Turkish PM among thousands targeted in phone-tapping - reports
25 February 2014, 02:59
Turkish police have eavesdropped on thousands of people including Prime Minister Recep Tayyip Erdogan, as well as cabinet ministers, the country's spy chief and journalists, local newspapers reported on Monday.
Associates of US-based Muslim cleric Fethullah Gulen in the police and the judiciary have tapped the phones of Erdogan as well as politicians and businessmen for three years, pro-government dailies Yenisafak and Star claimed.
'This a sad and shocking event. The public is following this closely,' said government spokesman Bulent Arinc.
Erdogan has accused rivals in the influential Gulen group of acting as a 'state within a state' seeking to topple his government by instigating a high-level corruption investigation against close allies.
Classified documents revealing the surveillance were discovered by new prosecutors appointed after a mass purge of the police and prosecution service in the wake of the corruption probe launched in December, the press reports said.
When pressed on the allegations by local press, one of the former prosecutors denied that anything illegal had taken place.
'These allegations are entirely without foundation. Not a single illegal operation was authorised,' Adnan Cimen told newspaper Milliyet.
The Star reported that so-called Gulenists had wiretapped more than 7,000 people, as well as the headquarters of the opposition Republic People's Party (RPP), since 2011 on the pretext of trying to uncover terrorism plots.
Energy Minister Taner Yildiz said that he had been wiretapped, adding: 'This is no longer a problem just for the (ruling) AK Party.'
Intelligence chief Hakan Fidan and one of his close allies were also among those targeted, along with many business people, activists and journalists, according to the newspaper reports.
Faruk Logoglu, a vice-president of the RPP who was reportedly one of those targeted, dismissed the claims as an attempt by Erdogan to 'support his rhetoric about a parallel state that he uses against the Gulen movement'.
The corruption scandal has thrown up one of the most serious challenges to Erdogan's 11 years in power ahead of key local elections in March.
The mass eavesdropping reports come as parliament began debating a new bill aimed at giving the intelligence agency a free hand in carrying out undercover missions and surveillance at home and abroad - without the need for a court order.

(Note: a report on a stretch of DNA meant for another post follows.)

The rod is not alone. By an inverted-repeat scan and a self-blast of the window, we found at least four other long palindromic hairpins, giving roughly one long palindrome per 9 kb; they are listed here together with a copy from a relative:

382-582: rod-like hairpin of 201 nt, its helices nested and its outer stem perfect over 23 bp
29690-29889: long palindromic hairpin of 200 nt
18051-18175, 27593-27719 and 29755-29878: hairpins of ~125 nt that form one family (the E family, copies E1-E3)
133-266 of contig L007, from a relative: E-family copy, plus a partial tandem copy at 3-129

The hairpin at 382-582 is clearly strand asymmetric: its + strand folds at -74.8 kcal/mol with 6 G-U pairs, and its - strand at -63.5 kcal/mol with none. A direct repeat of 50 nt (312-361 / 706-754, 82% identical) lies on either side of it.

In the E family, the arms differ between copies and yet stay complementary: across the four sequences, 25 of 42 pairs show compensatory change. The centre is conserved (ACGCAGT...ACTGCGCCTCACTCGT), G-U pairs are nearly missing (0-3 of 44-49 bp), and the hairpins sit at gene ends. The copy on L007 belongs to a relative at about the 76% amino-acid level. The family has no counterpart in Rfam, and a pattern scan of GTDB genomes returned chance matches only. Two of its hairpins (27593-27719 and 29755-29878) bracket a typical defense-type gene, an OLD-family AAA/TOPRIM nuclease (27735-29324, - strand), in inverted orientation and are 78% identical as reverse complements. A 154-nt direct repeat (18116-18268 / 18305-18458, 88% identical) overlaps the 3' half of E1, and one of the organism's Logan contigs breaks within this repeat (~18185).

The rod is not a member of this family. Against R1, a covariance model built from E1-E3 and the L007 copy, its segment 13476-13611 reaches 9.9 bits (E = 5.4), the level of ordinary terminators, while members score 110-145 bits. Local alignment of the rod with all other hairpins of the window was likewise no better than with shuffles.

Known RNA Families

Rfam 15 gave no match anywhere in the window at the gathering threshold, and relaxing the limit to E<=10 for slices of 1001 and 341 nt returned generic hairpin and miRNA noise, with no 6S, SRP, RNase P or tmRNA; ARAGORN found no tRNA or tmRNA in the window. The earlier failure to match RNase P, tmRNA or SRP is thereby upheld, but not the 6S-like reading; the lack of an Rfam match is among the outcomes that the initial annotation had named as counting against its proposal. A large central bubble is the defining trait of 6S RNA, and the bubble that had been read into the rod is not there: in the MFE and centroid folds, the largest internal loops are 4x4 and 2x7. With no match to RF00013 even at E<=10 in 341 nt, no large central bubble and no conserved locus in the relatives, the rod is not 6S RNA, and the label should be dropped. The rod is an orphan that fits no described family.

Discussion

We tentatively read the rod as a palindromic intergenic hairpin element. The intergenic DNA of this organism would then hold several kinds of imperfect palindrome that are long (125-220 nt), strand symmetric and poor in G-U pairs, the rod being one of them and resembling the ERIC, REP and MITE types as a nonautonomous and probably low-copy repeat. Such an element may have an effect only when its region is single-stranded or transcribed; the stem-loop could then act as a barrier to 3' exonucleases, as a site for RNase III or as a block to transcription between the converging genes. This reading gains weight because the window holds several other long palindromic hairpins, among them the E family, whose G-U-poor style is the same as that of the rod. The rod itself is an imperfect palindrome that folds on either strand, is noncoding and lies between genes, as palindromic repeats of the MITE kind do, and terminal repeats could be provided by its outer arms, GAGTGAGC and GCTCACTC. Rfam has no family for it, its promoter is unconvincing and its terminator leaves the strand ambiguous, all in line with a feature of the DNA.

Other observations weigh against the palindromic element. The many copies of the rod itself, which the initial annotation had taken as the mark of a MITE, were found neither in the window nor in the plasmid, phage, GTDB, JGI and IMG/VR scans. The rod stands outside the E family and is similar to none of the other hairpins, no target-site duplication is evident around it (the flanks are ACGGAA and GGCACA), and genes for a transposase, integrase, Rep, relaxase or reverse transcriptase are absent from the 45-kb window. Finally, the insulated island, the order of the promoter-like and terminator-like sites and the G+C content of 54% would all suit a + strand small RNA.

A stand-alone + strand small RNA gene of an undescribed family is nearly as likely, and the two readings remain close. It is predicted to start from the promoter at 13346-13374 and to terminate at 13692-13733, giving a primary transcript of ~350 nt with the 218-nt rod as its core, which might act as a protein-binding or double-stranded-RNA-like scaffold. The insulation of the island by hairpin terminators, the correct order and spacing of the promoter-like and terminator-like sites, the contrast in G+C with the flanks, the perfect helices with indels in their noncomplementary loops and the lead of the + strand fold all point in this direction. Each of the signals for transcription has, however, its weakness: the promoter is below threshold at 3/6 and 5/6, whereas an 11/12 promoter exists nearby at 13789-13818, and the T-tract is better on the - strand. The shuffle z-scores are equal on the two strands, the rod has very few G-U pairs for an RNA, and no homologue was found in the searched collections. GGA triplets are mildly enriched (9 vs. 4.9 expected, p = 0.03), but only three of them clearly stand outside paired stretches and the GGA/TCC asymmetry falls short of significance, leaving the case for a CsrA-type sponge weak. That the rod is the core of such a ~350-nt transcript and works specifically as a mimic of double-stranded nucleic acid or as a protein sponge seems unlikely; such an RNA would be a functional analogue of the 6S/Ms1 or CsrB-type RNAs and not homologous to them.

Erdogan has come under fire for what critics see as increasingly authoritarian policies, including curbs on the judiciary and the Internet.
Turkish riot police fire tear gas on protest over Internet curbs
Turkish riot police in Istanbul fired tear gas and water cannon Saturday at thousands of people protesting new legislation tightening control of the Internet. Police took action to push protesters away from the city's Taksim Square, a focal rally point, media report.
Protesters responded by hurling fireworks at police, who detained dozens of people, according to media reports.
The controversial law came into effect last Wednesday after it was signed into effect by the Turkish President Abdullah Gul despite repeated calls for veto.
It gives the telecoms authority the power to order a webpage blocked if the content is deemed to infringe privacy or is offensive.
The new curbs have sparked alarm at home and abroad, with critics saying they are an attempt by the government to stifle dissent and stop evidence of a high-level corruption being seen online.
Earlier Saturday, Erdogan again denied accusations of online censorship, to a crowd of several thousand supporters in the city of Sivas.
'We are not against the Internet, we are against the 'immoral' items on the Internet,' Erdogan said at a rally marking the kick-start of his party's local election campaign.
'We have just taken steps to prevent our children from being poisoned,' he said.
The legislation came as Erdogan deals with a wide-ranging graft scandal that erupted in mid-December, implicating his inner circle.
The embattled premier has accused US-exiled Muslim cleric Fethullah Gulen, whose supporters hold key positions in the police and the judiciary, of instigating the probe ahead of local polls on March 30.
His government has taken a series of retaliatory measures, including a mass purge of police and prosecutors and legislation reforming the judiciary.
But these measures, coupled with a heavy-handed police crackdown on protests last June, have severely dented Turkey's image as a model of democracy and stability in a volatile region.
Voice of Russia, AFP
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